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article imageEssential Science: New types of microbial life in the oceans

By Tim Sandle     Oct 3, 2016 in Science
The seas and oceans of the world make up the majority of the surface and less is known about life in the oceans compared with the surface of the moon. New research has revealed the mysteries of oceanic microbial life.
There are several interesting new developments in relation to microbial life in the oceans and the information informs about the health of the oceans and other useful ecological information.
The first development is that mathematicians have discovered a key understanding about the constantly changing distribution of microbial species in the world’s oceans. This overturns the conventional approach to studying microorganisms. Instead of classifying bacteria in terms of their taxonomy, the researcher suggests classifying them based on their biochemical function.
Researchers Stilianos Louca, Laura Parfrey and Michael Doebeli have been especially busy in recent years. The British Columbia scientists have classified over 30,000 different microbial species found across Earth's oceans. However, instead of meticulously classifying each isolated by species type, they opted to classify the microbes by 'functional groups.' This included using descriptors like phototroph (organisms that use light for energy) or sulfide oxidizer (organisms that eat highly toxic sulfide).
The advantage of this approach is that is allowed the scientists to predict the distribution of microbial functional groups based on physical and chemical variables. These variable so included ocean depth and temperature.
While this approach has proven more accurate it has revealed the vastness of microbial life in the oceans and its unpredictability in terms of distribution. The researchers also found the oceans to be a battle ground, with bacteria being infected by viruses or bacteria engaging in 'chemical warfare' with each other, factors that further accounted for the versatility in microbial distribution.
The British Columbia University findings are published in the journal Science, with the research paper headed “Decoupling function and taxonomy in the global ocean microbiome.”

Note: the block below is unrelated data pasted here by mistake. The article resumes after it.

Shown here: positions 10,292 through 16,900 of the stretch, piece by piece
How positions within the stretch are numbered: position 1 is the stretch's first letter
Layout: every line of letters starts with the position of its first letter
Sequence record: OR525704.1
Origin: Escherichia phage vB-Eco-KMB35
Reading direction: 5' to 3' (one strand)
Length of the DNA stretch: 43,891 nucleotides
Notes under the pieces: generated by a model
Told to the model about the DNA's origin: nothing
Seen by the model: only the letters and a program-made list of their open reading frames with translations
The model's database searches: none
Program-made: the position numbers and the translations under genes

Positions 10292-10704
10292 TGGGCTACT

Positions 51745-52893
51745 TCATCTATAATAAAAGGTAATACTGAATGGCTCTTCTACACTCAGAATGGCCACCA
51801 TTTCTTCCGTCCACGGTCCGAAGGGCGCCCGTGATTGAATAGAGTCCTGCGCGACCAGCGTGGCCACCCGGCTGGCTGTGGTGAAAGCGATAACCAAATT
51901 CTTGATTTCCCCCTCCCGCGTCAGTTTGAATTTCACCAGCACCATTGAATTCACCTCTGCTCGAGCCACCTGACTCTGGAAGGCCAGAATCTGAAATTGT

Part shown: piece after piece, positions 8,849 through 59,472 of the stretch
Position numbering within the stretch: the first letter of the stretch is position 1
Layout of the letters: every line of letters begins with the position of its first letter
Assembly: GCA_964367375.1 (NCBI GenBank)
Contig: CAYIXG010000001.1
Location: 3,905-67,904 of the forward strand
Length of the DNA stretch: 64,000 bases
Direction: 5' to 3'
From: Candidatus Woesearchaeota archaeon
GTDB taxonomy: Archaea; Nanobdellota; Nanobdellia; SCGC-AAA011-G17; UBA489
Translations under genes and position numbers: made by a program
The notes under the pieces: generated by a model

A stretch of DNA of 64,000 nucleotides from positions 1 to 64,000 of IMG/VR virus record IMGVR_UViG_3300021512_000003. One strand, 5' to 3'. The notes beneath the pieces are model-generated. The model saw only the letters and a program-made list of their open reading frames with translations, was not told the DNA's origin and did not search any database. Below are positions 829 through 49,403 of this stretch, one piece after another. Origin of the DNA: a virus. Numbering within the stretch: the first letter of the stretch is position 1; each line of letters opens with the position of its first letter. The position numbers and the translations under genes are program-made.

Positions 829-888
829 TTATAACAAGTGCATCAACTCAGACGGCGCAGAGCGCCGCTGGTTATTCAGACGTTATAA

Related to this the same research team has developed a mathematical model that integrates environmental and molecular sequence information to explain how microbial networks in the oceans drive nutrient and energy cycling in marine ecosystems. This important work could improve researchers' and policy makers' ability to predict how the world's marine microbial communities respond to climate change. This would also allow meaningful studies to be made on fisheries, biodiversity and climate.
Understanding how microbial processes contribute to nutrient and energy cycles in the ocean is vital in a time of climate change. The new model allows for more accurate projections of microbial processes with potential feedback on climate change and ecosystem health to be made.
The model is outlined in the journal Proceedings of the National Academy of Sciences, in a paper titled “Integrating biogeochemistry with multiomic sequence information in a model oxygen minimum zone.”
A second, and related, development comes from Ohio State University. Here new research suggests there are triple the number of viruses in the oceans compared with those that were previously known. Interestingly, the discovery could influence carbon reduction efforts.
The extent of ocean viruses has come from the recent Tara Oceans Expedition and an earlier 2010 Malaspina expedition. Both expeditions took thousands of samples for chemical and microbial analysis.
The outcome expanded our understanding of the number of different viruses found in the oceans. With this researchers cataloged 15,222 genetically distinct viruses and proceeded to group them into 867 clusters that share similar properties.
The carbon reduction aspect comes from the fact that the oceans soak up around half of the generated carbon. The effect of this is to acidify the oceans. This places some ocean-dwellers, like shellfish, at risk. It is thought that understanding how viruses interact is critical to management efforts to protect marine life. This is because viruses infect bacteria, and some of these bacteria are responsible for producing oxygen. Where conditions favor high numbers of viruses, then viruses play a role in modulating greenhouse gas emissions from the oceans.
This article is part of Digital Journal's regular Essential Science columns. Each week we explore a topical and important scientific issue. Last week we looked at a why some mosquitoes elect to bite people and other prefer other animals. The week before we discussed a new type of bacteria that can cause an anthrax-like disease together with some cases from Africa.
More about ocean life, Biology, Microbes, Oceans, Sea life
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